Monday, December 1, 2014

Field of Lost Shoes
Released April 13th, 2014, DVD on December 2nd, 2014
1 hr 36 mins
Rated PG-13


 Director: Sean McNamara

Luke Benward as John Wise   
Lauren Holly as Mrs. Clinedinst   
Jason Isaacs as John C. Breckinridge 
Tom Skerritt as Ulysses S. Grant   
Keith David as Old Judge   
David Arquette as Col. Henry DuPont   
Zach Roerig as Jack Stanard   
Gale Harold as Charles Semple   
Mary Mouser as Libby Clinedinst   
Josh Zuckerman as Moses Ezekiel   
Nolan Gould as Robert / Sir Rat   
Max Lloyd-Jones as Sam Atwill   
Sean Marquette as Benjamin 'Duck' Colonna   
Erik Audé as The Hawker Courtney Gains as Capt. Chinook   
Werner Daehn as Franz Sigel   
Parker Croft as Garland Jefferson   
Alexa Yeames as The Girl at the Dance   
William Flaman as Doctor  Brandi  
Nicole Feemster as Martha Ann   
Michael Krebs as Abraham Lincoln    

Review by Stephen M.    

Field of Lost Shoes shows us another side to the Civil War that is seldom explored as the losing side.  Loosely based on actual events, the movie focuses on a specific battle that included fresh recruits from Virginia Military Institute.  Though the film may suffer a bit from over-acting and average props and costumes, the story itself is enduring enough to be entertaining.  
  The movie which focuses on several particular kids in the military academy also explores the conflicts and decisions the military leaders had to face.  The film doesn't particularly paint the Union side in a positive light, in particular Ulysses S. Grant (Tom Skerritt) as a rather ruthless psychotic and Union Commander Franz Sigel (Werner Daehn) as an imbecile.  But what you will like about the movie are the stories of the academy cadets.  Their reasons for supporting the Confederate side are told to Confederate Commander John C. Breckinridge (played quite well by Jason Isaac).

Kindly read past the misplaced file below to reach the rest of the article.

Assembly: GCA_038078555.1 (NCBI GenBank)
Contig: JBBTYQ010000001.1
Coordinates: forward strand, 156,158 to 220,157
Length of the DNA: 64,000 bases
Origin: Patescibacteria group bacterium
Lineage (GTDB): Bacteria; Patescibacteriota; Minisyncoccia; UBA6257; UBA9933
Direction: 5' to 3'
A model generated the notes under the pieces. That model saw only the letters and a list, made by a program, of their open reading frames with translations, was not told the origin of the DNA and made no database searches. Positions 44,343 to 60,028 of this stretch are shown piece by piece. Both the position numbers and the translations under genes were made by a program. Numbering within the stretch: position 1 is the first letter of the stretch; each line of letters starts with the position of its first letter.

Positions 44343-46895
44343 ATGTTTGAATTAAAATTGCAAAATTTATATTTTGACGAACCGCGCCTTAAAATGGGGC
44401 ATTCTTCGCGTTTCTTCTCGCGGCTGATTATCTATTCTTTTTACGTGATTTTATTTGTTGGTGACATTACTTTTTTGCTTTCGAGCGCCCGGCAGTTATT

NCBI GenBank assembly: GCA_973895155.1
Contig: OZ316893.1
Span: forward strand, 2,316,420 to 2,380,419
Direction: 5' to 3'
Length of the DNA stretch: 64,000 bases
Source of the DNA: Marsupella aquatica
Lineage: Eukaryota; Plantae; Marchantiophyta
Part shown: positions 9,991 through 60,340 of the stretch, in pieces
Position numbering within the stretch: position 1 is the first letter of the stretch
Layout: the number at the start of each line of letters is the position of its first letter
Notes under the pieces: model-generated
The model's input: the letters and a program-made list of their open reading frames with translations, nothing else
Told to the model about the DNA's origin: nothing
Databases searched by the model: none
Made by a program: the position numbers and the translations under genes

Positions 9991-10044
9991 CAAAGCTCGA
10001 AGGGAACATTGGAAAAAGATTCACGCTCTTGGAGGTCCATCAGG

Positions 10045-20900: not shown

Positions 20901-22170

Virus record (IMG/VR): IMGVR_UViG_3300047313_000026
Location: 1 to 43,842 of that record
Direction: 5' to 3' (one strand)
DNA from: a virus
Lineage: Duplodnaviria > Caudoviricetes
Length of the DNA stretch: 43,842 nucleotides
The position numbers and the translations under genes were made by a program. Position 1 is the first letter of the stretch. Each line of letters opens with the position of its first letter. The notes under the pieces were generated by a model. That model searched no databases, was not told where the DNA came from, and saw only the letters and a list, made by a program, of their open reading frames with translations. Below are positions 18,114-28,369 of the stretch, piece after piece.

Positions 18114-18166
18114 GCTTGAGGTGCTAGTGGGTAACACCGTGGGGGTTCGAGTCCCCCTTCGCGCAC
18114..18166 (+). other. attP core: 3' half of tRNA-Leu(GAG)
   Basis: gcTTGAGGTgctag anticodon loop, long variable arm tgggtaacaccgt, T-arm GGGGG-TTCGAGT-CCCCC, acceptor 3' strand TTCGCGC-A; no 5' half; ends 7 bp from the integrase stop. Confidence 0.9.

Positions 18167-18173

The battle scene while interesting to see unfold was difficult to follow along as the various commanders play "chess" against each other with the various pieces of infantry and cavalry.  Scenes of the hill with explosions did nothing to engross you as it was difficult to tell what was going despite being told what was going on.  Having the boys run across the field or even just marching across the field felt forced and unreal.  Not so much that they were essentially children on the battlefield, but that they felt out of place both emotionally and visually.

Despite  the faults with the movie, I still enjoy the movie enough to recommend watching it at least once on rental or Netflix when it eventually comes out.  The leads including the charismatic Luke Benward as John Wise and Max Lloyd-Jones as Sam Atwill.  The latter's character playful romantic chemistry with the female lead softens the otherwise somber tone of the war with the highest number of American casualties.  Not so much to be distracting or nauseating.


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